Where the Wild Things Are Now: Domestication Reconsidered

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Berg, 01.04.2007 - 336 Seiten
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Domestication has often seemed a matter of the distant past, a series of distinct events involving humans and other species that took place long ago. Today, as genetic manipulation continues to break new barriers in scientific and medical research, we appear to be entering an age of biological control. Are we also writing a new chapter in the history of domestication? Where the Wild Things Are Now explores the relevance of domestication for anthropologists and scholars in related fields who are concerned with understanding ongoing change in processes affecting humans as well as other species. From the pet food industry and its critics to salmon farming in Tasmania, the protection of endangered species in Vietnam and the pigeon fanciers who influenced Darwin, Where the Wild Things Are Now provides an urgently needed re-examination of the concept of domestication against the shifting background of relationships between humans, animals and plants.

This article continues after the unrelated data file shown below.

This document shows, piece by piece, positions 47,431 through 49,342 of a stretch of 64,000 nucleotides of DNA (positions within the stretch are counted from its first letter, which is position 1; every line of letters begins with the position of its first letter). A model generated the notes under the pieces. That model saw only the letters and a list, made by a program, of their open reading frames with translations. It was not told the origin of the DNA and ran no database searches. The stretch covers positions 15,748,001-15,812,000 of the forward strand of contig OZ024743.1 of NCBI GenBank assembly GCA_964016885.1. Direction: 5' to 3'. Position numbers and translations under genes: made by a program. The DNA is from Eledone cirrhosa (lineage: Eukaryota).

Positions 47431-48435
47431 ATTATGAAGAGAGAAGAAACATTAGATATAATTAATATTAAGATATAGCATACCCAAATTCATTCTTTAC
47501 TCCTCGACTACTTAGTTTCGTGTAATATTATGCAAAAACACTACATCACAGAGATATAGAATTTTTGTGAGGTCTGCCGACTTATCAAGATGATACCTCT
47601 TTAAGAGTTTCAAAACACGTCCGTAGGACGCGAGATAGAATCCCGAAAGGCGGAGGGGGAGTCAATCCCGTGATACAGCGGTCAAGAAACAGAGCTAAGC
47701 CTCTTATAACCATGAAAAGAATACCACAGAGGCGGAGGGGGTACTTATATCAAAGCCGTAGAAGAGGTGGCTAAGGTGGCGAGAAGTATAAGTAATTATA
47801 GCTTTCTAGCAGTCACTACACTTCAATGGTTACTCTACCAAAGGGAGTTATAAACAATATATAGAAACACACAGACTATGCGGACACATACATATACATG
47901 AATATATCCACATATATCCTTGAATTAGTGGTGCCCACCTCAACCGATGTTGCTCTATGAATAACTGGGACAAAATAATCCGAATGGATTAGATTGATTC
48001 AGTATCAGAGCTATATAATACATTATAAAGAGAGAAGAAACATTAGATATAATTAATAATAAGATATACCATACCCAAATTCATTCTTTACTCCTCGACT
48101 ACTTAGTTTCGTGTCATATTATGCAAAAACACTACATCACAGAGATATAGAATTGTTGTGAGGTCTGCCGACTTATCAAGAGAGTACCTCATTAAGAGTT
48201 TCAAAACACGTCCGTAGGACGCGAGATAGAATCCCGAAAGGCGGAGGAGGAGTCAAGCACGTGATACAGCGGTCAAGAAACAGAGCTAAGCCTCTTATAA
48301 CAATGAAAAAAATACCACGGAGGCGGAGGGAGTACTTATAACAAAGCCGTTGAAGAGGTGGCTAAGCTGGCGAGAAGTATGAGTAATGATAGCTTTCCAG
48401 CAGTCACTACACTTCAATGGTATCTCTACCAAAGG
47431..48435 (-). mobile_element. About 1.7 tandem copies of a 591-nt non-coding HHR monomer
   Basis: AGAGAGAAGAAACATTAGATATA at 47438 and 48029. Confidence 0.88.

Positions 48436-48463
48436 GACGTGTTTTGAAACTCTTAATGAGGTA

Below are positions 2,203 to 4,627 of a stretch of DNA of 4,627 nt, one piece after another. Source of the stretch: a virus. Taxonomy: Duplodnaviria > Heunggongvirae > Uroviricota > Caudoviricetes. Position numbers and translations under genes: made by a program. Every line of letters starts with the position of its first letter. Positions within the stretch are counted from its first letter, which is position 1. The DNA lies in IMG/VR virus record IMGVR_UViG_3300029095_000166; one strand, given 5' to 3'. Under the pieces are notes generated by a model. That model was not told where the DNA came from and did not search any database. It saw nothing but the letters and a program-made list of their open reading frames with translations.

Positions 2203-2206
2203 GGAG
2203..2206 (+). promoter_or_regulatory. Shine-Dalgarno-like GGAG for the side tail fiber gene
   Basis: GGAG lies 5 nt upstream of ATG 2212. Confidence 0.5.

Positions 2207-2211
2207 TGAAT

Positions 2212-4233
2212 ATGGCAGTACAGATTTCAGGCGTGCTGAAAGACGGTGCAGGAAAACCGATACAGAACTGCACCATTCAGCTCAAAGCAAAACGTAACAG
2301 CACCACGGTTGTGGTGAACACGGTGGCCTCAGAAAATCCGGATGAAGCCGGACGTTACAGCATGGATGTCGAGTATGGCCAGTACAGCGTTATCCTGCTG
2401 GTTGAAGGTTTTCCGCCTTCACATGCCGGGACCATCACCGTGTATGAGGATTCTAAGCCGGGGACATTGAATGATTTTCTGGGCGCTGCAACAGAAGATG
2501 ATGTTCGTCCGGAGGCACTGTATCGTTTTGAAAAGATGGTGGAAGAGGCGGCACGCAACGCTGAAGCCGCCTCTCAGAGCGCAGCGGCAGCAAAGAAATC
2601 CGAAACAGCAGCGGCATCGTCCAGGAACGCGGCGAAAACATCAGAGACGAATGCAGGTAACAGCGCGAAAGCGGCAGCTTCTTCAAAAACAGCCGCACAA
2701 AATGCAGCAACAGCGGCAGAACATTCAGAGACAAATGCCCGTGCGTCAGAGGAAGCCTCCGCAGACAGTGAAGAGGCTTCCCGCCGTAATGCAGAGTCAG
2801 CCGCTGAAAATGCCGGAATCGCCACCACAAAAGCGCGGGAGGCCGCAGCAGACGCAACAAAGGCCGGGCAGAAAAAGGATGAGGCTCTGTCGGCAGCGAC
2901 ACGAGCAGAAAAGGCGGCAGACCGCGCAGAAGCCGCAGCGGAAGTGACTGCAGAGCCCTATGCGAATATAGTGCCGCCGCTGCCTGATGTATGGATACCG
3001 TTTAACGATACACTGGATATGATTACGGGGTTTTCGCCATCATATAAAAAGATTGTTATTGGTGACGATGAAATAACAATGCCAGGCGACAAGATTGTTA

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Inhalt

Domestication Reconsidered
1
1 The Domestication of Anthropology
27
The Generosity of Domestication
49
3 Selection and the Unforeseen Consequences of Domestication
71
4 Agriculture or Architecture? The Beginnings of Domestication
101
The Wild the Captive and the Inbetween
123
Darwin and the Domestication of Pigeons
147
7 The Metaphor of Domestication in Genetics
183
Atlantic Salmon Farming in Tasmania
205
Domestication and the Taming of the Wild
229
The Politics of Wild and Domesticated Species in Vietnam
249
11 Feeding the Animals
277
Index
305
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Über den Autor (2007)

Molly Mullin is Associate Professor of Anthropology, Department of Anthropology and Sociology, Albion College, USA. Rebecca Cassidy is Lecturer in Anthropology, Department of Anthropology, Goldsmiths College, University of London, UK.

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